Nine months of trying to come to terms with the Lahori way of life as the Danish wife of a Punjabi
You only become a Frenchman after three generations. I am not sure how long or what it takes to become a Lahori, but somehow I have come to the conclusion that after nine months I still have a long way to go.
Even though I carry my marriage certificate and hold a bank account, I am still forced to pay the tourist fee at the entry gates to the city’s many museums. Telling the ticket controller that, "mae Lahori hoo" (I am Lahori) with a fixed gaze and a less convincing gora accent does not change the reality. I will forever stay a foreigner, unless I master the language completely, wear a hijab and cover my blue eyes with sunglasses. Even then, I am not sure if I would become a stereotypical Lahori, if there is a thing as a stereotype in Lahore.
Lahore has already absorbed Mughals, Pathans, Jats, Kashmiris and many other ethnicities and castes. Actually, I am a Jat too, a Danish Jat from Jutland in Denmark originating from the Danish Vikings. People laugh when I introduce myself as a Jat from Denmark. I think they associate me with an awkward villager coming to the big city.
Well, I am guilty of that. But, somehow as a villager I feel very much at home in this city, which judging from the speed of rumours travelling from mouth to mouth is quite similar to an overgrown village. When I told my Danish friend that Lahore is a village, he jokingly called me a global metropolitan, while reminding me that I was not in a village, but in a city with double inhabitants as the total population of Denmark. To give some perspective, Copenhagen the largest city of Denmark only inhabits approximately one million people.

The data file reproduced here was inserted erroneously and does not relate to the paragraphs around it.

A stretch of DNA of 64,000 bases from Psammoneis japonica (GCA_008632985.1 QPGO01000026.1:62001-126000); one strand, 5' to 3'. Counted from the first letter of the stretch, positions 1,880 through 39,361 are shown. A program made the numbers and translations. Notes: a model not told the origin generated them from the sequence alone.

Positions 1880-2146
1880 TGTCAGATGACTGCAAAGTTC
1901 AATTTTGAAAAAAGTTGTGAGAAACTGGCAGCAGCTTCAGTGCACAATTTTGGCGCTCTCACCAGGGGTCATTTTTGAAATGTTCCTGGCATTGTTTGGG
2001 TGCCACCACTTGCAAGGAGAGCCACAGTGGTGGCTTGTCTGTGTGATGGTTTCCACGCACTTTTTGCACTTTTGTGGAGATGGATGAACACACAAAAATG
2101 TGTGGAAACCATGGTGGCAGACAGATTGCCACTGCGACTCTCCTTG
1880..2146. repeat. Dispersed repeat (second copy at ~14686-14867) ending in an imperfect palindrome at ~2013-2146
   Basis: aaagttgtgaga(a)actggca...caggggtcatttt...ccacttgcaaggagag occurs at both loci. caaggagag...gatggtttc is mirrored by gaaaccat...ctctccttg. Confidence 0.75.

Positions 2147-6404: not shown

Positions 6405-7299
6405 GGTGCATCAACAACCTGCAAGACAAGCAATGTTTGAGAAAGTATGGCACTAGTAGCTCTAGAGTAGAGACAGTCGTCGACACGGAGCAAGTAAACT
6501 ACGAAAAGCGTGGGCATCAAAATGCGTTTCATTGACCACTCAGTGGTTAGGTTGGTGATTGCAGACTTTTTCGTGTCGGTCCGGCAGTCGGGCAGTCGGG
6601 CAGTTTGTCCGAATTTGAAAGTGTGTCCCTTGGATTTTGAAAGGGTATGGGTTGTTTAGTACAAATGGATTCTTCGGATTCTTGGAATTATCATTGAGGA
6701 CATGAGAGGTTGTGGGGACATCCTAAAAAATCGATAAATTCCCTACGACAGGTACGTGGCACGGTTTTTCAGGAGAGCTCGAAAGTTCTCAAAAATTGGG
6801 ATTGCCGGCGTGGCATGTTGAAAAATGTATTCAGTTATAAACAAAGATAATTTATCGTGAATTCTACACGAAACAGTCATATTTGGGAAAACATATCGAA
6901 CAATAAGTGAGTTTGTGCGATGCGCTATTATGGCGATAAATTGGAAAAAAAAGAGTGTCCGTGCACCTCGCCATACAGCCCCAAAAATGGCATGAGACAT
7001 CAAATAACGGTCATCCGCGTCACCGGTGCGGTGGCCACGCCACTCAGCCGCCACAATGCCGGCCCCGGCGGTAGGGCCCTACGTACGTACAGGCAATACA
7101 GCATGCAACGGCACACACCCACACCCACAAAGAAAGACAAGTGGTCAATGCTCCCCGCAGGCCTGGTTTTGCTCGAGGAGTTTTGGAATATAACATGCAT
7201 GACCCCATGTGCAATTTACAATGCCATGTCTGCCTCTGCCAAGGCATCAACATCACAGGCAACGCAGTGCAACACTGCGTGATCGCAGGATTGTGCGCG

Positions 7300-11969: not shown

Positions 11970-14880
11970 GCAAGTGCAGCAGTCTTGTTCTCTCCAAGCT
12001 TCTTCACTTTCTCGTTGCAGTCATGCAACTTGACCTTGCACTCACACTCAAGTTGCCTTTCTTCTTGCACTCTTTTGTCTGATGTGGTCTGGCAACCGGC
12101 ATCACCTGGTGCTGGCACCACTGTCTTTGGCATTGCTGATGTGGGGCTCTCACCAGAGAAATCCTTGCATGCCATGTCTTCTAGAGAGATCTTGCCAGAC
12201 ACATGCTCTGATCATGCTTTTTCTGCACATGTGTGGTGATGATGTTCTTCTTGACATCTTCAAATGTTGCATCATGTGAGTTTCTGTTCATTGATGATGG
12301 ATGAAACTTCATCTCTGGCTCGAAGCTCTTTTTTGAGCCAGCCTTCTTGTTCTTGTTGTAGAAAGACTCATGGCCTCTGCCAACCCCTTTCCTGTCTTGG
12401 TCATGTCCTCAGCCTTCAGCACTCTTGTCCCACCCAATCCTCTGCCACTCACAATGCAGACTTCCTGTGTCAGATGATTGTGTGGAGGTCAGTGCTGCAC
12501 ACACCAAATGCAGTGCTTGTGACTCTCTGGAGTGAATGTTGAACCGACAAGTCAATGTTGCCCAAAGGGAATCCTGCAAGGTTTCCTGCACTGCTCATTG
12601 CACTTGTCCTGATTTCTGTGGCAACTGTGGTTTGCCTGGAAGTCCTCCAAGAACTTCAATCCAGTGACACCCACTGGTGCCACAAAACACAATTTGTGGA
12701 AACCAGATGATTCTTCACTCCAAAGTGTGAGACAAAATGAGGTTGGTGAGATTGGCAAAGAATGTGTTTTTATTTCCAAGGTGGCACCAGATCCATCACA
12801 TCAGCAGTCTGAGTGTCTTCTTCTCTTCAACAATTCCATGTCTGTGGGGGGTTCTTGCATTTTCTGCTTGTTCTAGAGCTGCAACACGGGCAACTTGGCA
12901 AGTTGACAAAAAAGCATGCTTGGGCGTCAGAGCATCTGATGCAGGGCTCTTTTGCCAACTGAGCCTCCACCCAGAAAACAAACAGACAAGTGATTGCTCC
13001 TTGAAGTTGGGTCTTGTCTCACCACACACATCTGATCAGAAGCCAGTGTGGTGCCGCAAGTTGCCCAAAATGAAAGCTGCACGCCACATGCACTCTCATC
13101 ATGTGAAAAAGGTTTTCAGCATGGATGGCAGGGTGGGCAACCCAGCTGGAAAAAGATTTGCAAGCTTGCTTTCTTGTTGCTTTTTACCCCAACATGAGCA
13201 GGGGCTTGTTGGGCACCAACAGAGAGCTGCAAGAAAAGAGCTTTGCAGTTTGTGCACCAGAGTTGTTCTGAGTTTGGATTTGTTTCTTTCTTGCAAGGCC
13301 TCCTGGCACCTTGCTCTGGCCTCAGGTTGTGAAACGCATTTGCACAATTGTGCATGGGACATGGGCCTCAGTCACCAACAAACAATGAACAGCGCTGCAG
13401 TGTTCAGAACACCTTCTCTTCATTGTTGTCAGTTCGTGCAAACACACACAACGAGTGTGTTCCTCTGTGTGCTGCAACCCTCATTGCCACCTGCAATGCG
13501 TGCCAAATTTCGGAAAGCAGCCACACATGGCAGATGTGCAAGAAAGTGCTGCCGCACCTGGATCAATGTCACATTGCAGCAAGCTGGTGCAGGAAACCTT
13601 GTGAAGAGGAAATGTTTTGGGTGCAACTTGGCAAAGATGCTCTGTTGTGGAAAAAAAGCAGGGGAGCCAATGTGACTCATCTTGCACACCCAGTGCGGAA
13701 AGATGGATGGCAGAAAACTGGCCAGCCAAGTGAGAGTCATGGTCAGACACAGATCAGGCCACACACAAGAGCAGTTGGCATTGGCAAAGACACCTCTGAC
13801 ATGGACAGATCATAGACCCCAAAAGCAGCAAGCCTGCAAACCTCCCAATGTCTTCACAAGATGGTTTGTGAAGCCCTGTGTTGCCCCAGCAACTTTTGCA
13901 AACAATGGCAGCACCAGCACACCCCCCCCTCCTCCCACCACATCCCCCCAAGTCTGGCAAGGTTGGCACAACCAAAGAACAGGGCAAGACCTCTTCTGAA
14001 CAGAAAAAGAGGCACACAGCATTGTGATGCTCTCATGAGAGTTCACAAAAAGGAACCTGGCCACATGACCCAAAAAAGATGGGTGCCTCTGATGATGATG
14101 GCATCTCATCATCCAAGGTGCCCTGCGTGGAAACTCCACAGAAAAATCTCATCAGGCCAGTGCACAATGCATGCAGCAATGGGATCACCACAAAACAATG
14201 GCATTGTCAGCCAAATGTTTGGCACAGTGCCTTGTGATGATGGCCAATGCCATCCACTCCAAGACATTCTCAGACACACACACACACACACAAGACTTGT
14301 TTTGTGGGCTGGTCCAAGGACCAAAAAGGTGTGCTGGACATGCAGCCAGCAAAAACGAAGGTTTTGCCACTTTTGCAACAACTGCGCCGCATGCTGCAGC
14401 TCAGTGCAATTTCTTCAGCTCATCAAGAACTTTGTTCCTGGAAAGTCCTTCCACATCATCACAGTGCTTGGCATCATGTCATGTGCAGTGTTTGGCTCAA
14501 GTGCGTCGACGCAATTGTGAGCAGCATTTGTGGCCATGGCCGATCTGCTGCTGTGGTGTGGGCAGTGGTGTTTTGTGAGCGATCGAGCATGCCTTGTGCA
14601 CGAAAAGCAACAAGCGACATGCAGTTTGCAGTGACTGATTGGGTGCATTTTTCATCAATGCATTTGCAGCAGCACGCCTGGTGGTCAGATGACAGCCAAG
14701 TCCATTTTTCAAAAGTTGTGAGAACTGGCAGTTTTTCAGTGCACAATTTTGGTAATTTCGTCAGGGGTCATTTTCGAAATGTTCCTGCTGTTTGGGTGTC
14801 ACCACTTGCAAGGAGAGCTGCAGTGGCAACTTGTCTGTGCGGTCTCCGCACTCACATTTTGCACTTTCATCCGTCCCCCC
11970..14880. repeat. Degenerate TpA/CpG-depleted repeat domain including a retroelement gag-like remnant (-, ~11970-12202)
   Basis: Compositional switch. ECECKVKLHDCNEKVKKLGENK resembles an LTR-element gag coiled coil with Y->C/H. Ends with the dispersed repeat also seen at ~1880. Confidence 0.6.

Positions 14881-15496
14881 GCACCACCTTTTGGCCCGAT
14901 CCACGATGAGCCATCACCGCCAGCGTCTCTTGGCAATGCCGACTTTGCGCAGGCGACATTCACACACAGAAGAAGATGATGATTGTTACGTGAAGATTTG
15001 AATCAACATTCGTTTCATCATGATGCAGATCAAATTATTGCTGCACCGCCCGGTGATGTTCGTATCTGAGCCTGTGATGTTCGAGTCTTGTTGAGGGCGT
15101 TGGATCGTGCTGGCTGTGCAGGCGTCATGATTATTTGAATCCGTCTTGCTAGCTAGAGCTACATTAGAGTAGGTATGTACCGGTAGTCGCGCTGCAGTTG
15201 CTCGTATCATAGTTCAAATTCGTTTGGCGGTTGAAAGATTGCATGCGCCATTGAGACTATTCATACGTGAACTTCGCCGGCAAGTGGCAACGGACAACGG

Anyhow, you might ask yourself, "why is she even trying?" Well, as opposed to so many other people dreaming of lives in Europe and moving out of Pakistan as soon as they get a chance, I moved the other way around -- because of my love for a very lucky Pakistani man.
The country I come from is ranked the world’s happiest country, has the least corruption and one of the highest levels of equity, thanks to our Scandinavian welfare state-model. I do not wish to sound superior as I believe we all have something to learn from each other.
Having grown up in a very equal society, I realise I am not raised to be quiet when the ‘elders’ are talking or nod in consent even if I disagree. Can I still become a Lahori without letting go of my eagerness to question the status quo or authority? You tell me!
You find all in one city and that perhaps explains the saying "you have not lived till you have seen Lahore". Now is not the time to paint a naïve romanticised picture of Pakistan. Believe me, my new hometown is amazing. It has everything from green parks, rich history, oldest cultural monuments and legacies, some of the world’s brightest scientists and flourishing colourful fashions. At the same time, it is cursed by accommodating all contrasts, including extreme poverty, dengue, polio, organ selling and of course terrorism.